That has seen more American deaths to a virus, this virus, than the nation suffered in every war since Korea combined. Says they have no agenda or vision for a second term. And pants are running on this, and I find it fascinating, quote, You won't be safe in Joe Biden's America and what's their proof, the violence we're seeing in Donald Trump's America? These are not images of some imagined Joe Biden America in the future. These are images of Donald Trump's America today.
He keeps telling you if only he was president, it wouldn't happen if he was president. He keeps telling us that he was president, you'd feel safe. Well, he is president now.
I don't know that that's going to be terribly persuasive to people who see what's going on in Portland, see what's going on in Kenosha.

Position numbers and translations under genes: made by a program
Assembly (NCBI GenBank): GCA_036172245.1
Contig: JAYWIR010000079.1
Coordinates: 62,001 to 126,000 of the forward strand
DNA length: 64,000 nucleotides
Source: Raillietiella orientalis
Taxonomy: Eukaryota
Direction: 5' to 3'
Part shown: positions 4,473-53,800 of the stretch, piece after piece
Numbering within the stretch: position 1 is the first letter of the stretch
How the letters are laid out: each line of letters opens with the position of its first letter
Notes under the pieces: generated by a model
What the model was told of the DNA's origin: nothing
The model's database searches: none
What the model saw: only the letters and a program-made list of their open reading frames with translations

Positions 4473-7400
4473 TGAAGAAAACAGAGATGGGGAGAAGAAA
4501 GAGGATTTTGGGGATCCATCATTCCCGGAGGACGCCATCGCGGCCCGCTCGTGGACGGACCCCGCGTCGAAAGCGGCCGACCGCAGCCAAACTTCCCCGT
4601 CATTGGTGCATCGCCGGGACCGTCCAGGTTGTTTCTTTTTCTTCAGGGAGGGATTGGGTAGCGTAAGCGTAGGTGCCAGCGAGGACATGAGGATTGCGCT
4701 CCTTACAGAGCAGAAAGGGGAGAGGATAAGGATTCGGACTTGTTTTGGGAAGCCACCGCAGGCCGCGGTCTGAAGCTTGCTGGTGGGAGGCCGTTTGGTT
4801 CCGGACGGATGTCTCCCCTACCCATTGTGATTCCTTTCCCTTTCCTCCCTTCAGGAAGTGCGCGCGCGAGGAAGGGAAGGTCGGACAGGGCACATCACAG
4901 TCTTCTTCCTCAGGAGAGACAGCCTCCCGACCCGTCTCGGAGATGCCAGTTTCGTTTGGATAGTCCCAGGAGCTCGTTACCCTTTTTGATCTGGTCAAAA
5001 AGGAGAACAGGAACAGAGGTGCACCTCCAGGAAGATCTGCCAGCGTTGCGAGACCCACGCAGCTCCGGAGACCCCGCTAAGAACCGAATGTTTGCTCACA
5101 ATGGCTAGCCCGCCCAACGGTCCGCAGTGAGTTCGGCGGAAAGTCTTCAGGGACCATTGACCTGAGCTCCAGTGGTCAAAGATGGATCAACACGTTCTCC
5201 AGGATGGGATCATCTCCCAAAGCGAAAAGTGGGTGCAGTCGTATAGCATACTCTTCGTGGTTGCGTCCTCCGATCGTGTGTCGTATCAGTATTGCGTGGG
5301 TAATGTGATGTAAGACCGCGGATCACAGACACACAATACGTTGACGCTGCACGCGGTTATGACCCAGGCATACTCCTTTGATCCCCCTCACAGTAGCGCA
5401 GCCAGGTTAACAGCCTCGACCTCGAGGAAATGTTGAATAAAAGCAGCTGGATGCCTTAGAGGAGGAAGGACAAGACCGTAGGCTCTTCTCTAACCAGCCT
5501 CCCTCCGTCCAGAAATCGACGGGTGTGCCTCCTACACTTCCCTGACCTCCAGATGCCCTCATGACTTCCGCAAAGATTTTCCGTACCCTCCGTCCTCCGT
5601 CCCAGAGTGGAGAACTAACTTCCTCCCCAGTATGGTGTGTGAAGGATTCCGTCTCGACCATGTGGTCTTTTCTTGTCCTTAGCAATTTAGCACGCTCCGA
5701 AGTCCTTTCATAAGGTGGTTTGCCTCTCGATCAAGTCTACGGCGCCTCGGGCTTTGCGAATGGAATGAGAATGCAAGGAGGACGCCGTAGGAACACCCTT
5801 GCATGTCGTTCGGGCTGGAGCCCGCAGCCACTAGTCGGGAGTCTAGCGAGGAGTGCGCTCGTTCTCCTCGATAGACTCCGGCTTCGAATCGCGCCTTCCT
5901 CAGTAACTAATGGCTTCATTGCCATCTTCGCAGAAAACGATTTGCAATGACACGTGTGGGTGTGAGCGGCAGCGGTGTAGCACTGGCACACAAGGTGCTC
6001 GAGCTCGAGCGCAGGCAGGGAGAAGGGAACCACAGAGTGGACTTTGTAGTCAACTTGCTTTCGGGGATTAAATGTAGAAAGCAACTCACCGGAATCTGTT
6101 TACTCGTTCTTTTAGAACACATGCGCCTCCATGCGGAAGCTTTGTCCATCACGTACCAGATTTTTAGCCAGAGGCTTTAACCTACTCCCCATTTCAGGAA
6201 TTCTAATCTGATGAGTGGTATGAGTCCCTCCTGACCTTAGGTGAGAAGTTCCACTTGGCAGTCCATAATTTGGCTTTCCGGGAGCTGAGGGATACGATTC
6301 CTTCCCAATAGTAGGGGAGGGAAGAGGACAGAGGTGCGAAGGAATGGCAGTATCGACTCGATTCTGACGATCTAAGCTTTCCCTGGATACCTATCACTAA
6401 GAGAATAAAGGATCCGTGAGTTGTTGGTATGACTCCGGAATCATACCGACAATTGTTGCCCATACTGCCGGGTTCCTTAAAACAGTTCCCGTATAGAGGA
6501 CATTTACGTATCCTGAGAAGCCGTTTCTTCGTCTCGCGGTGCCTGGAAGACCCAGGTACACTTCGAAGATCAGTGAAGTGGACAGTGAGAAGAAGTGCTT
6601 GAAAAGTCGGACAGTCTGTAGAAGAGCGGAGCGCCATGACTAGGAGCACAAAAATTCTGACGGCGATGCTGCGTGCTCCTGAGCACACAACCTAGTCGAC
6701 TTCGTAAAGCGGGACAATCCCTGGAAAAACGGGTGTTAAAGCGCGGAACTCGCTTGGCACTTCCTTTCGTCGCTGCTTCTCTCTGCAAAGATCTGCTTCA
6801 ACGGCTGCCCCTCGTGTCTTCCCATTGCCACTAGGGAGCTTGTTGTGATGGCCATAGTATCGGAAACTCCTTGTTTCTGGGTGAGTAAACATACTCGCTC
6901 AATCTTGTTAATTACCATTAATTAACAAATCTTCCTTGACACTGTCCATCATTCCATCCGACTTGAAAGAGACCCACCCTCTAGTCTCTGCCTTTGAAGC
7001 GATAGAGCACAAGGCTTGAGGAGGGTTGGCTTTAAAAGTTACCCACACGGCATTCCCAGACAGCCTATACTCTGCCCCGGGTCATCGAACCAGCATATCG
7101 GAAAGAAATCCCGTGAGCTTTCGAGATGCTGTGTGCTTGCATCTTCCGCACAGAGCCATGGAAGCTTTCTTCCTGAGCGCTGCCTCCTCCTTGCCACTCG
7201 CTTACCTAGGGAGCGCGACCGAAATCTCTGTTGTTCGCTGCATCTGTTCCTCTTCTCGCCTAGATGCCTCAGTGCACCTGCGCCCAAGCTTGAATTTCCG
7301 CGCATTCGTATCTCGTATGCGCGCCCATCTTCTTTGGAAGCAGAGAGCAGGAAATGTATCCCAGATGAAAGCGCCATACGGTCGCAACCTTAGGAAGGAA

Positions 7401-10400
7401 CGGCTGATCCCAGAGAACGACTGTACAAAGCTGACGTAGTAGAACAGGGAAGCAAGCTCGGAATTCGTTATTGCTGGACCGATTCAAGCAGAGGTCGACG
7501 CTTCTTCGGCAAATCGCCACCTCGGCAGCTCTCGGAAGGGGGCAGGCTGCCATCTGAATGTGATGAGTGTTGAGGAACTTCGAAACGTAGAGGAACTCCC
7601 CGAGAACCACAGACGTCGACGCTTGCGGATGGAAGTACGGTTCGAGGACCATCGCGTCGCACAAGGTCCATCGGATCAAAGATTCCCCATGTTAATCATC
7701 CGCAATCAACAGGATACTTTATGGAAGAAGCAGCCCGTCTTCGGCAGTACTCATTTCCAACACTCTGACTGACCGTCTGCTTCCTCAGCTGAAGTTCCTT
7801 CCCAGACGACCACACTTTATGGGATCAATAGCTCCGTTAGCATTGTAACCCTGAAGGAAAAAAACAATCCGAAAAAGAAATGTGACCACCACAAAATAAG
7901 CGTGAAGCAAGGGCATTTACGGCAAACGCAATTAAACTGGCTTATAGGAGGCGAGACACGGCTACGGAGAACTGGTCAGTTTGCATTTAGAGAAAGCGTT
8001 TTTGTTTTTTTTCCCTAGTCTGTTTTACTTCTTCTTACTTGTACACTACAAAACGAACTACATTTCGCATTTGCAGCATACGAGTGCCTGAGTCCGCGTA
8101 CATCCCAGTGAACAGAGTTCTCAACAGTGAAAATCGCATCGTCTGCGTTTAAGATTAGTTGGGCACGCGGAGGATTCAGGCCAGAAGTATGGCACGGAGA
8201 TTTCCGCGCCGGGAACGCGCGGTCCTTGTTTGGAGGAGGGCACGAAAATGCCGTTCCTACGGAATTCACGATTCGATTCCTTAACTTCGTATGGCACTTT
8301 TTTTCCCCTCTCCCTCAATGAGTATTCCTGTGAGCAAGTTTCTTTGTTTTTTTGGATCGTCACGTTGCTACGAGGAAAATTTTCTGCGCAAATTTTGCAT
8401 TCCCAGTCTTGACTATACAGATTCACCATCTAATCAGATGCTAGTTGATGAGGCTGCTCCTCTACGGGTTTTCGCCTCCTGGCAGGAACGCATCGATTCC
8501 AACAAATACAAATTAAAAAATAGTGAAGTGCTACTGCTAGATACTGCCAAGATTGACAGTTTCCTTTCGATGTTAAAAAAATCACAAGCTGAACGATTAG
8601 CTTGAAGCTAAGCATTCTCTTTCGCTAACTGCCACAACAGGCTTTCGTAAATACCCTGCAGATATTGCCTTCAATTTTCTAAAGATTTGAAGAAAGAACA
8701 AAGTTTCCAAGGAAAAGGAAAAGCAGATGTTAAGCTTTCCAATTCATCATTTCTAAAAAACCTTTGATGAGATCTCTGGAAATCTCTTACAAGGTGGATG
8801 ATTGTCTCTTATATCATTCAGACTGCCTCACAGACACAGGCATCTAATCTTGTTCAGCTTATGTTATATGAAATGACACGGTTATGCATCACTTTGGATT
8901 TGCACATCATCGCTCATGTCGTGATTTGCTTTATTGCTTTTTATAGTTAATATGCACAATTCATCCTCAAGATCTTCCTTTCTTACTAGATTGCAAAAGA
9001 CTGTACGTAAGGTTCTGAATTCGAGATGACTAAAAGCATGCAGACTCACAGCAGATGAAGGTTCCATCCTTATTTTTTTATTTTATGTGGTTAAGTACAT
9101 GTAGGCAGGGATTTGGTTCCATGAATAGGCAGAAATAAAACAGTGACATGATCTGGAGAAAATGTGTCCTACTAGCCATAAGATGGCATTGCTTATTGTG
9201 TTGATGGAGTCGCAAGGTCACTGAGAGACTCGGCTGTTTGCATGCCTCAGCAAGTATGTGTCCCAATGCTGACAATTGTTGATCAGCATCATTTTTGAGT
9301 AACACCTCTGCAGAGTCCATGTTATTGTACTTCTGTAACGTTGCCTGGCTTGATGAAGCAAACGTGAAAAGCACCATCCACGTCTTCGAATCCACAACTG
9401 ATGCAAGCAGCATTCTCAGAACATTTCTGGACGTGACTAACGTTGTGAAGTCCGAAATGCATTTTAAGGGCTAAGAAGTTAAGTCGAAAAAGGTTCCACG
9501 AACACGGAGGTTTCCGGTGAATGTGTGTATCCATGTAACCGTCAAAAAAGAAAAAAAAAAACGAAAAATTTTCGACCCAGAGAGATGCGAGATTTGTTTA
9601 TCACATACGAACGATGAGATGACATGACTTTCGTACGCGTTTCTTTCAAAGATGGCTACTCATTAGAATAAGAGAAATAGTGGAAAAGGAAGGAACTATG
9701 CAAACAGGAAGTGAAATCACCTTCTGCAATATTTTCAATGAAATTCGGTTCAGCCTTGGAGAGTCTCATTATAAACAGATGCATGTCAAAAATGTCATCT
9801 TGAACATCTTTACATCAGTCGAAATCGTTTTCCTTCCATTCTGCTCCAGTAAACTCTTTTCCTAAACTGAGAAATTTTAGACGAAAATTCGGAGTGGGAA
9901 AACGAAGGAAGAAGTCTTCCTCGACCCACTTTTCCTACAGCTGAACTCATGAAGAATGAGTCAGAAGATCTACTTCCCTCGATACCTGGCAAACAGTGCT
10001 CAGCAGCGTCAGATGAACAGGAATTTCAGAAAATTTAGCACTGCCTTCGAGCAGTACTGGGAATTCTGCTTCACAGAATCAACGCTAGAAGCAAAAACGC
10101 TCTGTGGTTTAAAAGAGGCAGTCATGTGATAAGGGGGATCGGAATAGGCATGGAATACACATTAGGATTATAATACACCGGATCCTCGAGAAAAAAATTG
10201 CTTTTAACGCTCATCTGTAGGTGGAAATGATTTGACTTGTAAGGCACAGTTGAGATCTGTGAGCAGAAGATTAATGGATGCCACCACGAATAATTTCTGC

And they certainly don't feel that it's part of their current experience of America. They see that it's a sort of ghost of Christmas future. If we make the wrong choice, my community, too, could look like that. But I think for the broader audience that Joe Biden is speaking to, it is a useful reminder that this is not some. Hypothetical dystopia that the president is conjuring in his TV ads. These are scenes on the news. This is happening today.
Donald Trump is determined to instill fear in America. That's what his entire campaign for the president has come down to fear. But I believe Americans are stronger than that by the end of the speech, Biden has made the core of his argument very plain, which is that at this point in the race, the president's last resort, first resort as a resort in the middle, is to just try to scare the hell out of you.